This last assault of Grant’s thoroughly convinced the hero of Vicksburg and Missionary Ridge of the impossibility of breaking Lee’s lines by direct advances. He could not surprise him at any point, or catch him off his guard, for Lee knew every foot of the ground too well, having fought all over if for two years. It was estimated and confirmed afterwards by official reports, that Grant had lost sixty thousand men from his crossing of the Rapidan to the end of the 3rd of June, just thirty days–more men than Lee had in the commencement of the campaign. Grant had become wiser the more familiar he became with Lee and his veterans, and now began to put in new tactics–that of stretching out his lines so as to weaken Lee’s, and let attrition do the work that shells, balls, and the bayonet had failed to accomplish. The end showed the wisdom of the plan.

The two regiments on the left of the brigade did not suffer so greatly as the others, being protected somewhat by the timber and underbrush in their front. The enemy’s dead lay in our front unburied until Grant’s further move to the right, then it became our duty to perform those rites.

* * * * *


Colonel Lawrence Massillon Keitt was the second son of George and Mary Magdalene Wannamaker Keitt. He was born on the 4th day of October, 1824, in St. Matthews Parish, Orangeburg District, S.C. He received his early education at Asbury Academy, a flourishing institution near the place of his birth.

In his thirteenth year he entered Mt. Zion College at Winnsboro, Fairfield County, where he spent one year in preparation for the South Carolina College, which he entered in his fourteenth year, graduating third in his class. He read law in Attorney General Bailey’s office in Charleston, S.C., and was admitted to the bar as soon as he was of legal age. He opened a law office at Orangeburg, the county seat.

At the first vacancy he was elected a member to the Lower House of the General Assembly of the State, in which body he served until his election to the Lower House of Congress in 1853. He served in that body until December, 1860, when he resigned his seat and returned to South Carolina on the eve of the secession of his State from the Union. He was a leading Secessionist and was elected a member of the Secession Convention. That body after passing the Ordinance of Secession elected him a delegate to the Provisional Congress of the Confederate States, which met at Montgomery, Ala. He was a very active member. On the adjournment of the Provisional Government of the Confederate States he returned to South Carolina and raised the Twentieth Regiment of South Carolina Volunteers and went into the Confederate Army. His command was ordered to Charleston. He served with his command on James’ Island, Sullivan’s Island, Morris’ Island, and in Charleston in all the important engagements. He was in command of Morris’ Island twenty-seven days and nights during its awful bombardment. When ordered to evacuate the island he did so, bringing off everything without the loss of a man. He was the last person to leave the island. General Beauregard in his report to the War Department said it was one of the greatest retreats in the annals of warfare.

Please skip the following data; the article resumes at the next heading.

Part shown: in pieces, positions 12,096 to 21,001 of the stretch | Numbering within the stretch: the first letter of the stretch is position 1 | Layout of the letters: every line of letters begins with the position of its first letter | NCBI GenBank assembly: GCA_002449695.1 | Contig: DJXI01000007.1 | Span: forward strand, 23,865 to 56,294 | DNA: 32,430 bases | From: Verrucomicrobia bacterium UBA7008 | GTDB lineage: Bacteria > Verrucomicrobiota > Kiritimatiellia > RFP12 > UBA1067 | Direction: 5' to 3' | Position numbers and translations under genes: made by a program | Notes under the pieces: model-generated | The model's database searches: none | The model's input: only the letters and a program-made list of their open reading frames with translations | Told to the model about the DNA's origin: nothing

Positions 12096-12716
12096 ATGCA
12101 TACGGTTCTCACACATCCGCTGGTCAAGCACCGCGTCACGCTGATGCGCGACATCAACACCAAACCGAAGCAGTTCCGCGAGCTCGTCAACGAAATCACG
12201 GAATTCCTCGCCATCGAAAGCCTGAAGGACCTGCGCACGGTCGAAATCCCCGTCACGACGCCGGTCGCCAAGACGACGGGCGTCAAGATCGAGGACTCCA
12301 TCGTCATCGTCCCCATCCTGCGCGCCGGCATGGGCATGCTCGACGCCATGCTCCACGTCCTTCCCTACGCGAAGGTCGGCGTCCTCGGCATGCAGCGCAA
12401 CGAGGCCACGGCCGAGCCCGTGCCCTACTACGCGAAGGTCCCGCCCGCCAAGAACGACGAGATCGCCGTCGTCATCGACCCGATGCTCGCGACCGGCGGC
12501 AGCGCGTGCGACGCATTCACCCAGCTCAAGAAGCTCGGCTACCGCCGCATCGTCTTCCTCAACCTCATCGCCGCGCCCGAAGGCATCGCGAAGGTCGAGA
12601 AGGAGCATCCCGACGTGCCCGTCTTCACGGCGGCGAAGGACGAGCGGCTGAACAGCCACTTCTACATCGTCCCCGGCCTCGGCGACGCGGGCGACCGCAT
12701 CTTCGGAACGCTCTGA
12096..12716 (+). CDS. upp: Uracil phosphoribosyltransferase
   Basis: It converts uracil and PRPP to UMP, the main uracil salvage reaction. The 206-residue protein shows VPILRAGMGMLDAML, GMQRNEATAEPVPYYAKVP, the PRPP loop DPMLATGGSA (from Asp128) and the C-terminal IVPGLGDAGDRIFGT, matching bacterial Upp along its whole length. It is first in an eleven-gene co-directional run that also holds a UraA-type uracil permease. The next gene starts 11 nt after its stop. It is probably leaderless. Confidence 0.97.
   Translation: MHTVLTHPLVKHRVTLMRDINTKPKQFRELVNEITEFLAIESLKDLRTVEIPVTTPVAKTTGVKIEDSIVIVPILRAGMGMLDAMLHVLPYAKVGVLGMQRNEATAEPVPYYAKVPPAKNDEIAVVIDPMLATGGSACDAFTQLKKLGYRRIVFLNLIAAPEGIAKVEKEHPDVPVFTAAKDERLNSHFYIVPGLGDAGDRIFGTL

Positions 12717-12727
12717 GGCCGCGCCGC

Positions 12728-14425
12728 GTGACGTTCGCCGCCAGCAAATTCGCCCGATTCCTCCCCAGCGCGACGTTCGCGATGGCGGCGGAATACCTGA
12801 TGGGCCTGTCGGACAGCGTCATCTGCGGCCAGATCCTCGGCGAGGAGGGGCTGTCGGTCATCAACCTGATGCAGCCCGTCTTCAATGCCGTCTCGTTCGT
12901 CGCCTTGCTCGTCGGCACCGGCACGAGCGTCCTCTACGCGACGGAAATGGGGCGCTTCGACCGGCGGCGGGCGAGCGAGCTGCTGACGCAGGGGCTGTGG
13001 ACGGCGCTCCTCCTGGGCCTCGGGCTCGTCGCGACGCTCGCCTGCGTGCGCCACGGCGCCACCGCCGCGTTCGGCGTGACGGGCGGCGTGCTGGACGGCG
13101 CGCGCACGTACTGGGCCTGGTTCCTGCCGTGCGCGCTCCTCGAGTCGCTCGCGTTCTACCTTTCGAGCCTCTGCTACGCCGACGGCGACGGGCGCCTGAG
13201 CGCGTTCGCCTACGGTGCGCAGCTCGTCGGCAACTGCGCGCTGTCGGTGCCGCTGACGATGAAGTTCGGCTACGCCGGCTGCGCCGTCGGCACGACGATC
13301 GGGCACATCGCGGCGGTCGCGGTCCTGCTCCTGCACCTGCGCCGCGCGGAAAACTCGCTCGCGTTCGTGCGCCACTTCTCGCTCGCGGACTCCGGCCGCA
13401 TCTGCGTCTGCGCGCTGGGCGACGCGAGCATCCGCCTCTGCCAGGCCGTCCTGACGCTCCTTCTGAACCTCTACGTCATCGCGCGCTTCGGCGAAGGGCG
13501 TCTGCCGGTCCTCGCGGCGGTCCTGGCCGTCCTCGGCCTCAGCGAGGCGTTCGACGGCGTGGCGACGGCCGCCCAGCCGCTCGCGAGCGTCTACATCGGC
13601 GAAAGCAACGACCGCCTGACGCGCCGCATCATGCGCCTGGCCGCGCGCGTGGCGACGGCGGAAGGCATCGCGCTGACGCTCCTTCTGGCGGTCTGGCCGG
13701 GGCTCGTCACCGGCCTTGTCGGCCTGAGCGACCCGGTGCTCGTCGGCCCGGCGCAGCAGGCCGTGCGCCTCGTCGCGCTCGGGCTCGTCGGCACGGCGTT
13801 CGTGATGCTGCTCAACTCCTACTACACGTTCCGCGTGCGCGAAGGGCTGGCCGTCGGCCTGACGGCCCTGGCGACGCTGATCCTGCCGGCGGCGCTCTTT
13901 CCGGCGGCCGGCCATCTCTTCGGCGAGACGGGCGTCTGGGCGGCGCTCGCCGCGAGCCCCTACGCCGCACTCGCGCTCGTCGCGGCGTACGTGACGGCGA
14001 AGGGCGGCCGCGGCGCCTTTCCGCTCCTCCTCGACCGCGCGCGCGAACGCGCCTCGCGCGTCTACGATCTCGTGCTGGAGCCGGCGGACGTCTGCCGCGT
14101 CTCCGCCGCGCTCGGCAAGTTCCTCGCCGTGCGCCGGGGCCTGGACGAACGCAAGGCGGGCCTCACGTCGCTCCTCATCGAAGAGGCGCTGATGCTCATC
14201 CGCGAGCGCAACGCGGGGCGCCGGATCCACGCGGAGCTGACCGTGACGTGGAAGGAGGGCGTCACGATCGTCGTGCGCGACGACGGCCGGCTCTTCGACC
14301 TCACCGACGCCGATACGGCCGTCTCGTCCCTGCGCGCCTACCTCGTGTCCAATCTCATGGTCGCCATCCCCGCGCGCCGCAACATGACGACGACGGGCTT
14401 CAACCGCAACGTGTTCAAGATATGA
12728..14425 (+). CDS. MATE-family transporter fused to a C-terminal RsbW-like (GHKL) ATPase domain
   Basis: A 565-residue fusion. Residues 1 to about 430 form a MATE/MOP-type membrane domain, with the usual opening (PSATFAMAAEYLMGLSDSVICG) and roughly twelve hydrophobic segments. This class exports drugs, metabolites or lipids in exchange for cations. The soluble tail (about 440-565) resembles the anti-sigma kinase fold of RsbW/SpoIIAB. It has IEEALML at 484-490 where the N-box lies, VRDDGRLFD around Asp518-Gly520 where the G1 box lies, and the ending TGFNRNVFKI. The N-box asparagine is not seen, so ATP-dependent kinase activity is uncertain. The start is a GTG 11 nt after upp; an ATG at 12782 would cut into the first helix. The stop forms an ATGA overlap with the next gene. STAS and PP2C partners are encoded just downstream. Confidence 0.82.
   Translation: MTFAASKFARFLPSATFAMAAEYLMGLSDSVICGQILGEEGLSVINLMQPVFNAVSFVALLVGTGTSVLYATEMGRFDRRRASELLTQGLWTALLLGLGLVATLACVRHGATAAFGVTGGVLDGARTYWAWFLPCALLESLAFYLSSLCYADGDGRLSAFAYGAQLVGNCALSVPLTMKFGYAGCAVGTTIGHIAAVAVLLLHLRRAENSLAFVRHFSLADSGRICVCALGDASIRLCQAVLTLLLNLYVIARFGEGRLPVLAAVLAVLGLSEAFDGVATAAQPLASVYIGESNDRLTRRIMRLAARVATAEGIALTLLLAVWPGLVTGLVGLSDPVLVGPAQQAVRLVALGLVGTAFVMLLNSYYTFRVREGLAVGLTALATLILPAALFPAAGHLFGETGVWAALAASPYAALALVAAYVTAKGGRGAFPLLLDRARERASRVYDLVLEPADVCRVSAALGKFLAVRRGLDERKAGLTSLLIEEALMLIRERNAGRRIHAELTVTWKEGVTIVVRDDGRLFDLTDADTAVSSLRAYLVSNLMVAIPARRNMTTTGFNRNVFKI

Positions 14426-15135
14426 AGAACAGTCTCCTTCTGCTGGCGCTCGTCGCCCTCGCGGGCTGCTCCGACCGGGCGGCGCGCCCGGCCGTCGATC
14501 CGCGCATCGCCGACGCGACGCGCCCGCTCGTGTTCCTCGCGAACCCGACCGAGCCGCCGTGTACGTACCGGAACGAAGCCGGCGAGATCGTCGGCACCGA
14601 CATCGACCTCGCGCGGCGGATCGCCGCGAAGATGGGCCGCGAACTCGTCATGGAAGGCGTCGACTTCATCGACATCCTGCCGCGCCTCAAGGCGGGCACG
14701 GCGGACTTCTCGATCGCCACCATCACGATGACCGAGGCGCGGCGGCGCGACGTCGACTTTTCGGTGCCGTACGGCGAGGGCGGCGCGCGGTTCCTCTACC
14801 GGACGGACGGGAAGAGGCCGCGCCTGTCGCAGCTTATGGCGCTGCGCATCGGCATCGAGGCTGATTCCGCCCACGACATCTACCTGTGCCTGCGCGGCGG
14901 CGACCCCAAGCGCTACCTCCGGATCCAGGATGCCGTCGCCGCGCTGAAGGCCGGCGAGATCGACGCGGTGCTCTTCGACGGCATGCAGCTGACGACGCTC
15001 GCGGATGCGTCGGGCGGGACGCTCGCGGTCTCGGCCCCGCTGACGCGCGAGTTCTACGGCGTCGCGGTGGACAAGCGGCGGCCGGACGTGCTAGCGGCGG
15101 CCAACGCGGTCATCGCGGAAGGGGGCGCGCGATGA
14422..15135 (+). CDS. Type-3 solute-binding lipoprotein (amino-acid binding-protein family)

The latter part of May, 1864, he left Charleston with his command and joined General Lee’s Army thirteen miles from Richmond. He carried about sixteen hundred men in his regiment to Virginia. It was called the “Twentieth Army Corps.” He was assigned to Kershaw’s Brigade and put in command of the brigade. On the first day of June, 1864, while leading the brigade, mounted on a grey horse, against a powerful force of the enemy he was shot through the liver and fell mortally wounded. He died on the 2d of June, 1864. By his request his remains were brought to South Carolina and laid by the side of his father in the graveyard at Tabernacle Church. Thus passed away one of South Carolina’s brightest jewels.

* * * * *


From Cold Harbor to Petersburg.

The field in the front at Cold Harbor where those deadly assaults had been made beggars description. Men lay in places like hogs in a pen–some side by side, across each other, some two deep, while others with their legs lying across the head and body of their dead comrades. Calls all night long could be heard coming from the wounded and dying, and one could not sleep for the sickening sound “W–a–t–e–r” ever sounding and echoing in his ears. Ever and anon a heart-rending wail as coming from some lost spirit disturbed the hushed stillness of the night. There were always incentives for some of the bolder spirits, whose love of adventure or love of gain impelled them, to visit the battlefield before the burial detail had reached it, as many crisp five-dollar greenbacks or even hundred-dollar interest-bearing United States bonds could be found in the pockets of the fallen Federal either as a part of his wages or the proceeds of his bounty. The Federal Government was very lavish in giving recruits this bounty as an inducement to fill the depleted ranks of “Grant the Butcher.” Tom Paysinger, of the Third, who had been detailed as a scout to General Longstreet, was a master hand at foraging upon the battlefield. Whether to gain information or to replenish his purse is not known, but be that as it may, the night after the battle he crept quietly through our lines and in the stillness and darkness he made his way among the dead and wounded, searching the pockets of those he found. He came upon one who was lying face downward and whom he took to be beyond the pale of resistance, and proceeded to rifle his pockets. After gathering a few trifles he began crawling on his hands and knees towards another victim. When about ten steps distant the wounded Federal, for such it proved to be, raised himself on his elbow, grasped the gun that was lying beside him, but unknown to Paysinger, and called out, “You d—-n grave robber, take that,” and bang! went a shot at his retreating form. He then quietly resumed his recumbent position. The bullet struck Paysinger in the thigh and ranging upwards lodged in his hip, causing him to be a cripple for several long months. It is needless to say Paysinger left the field. He said afterwards he “would have turned and cut the rascal’s throat, but he was afraid he was only ‘possuming’ and might brain him with the butt of his gun.”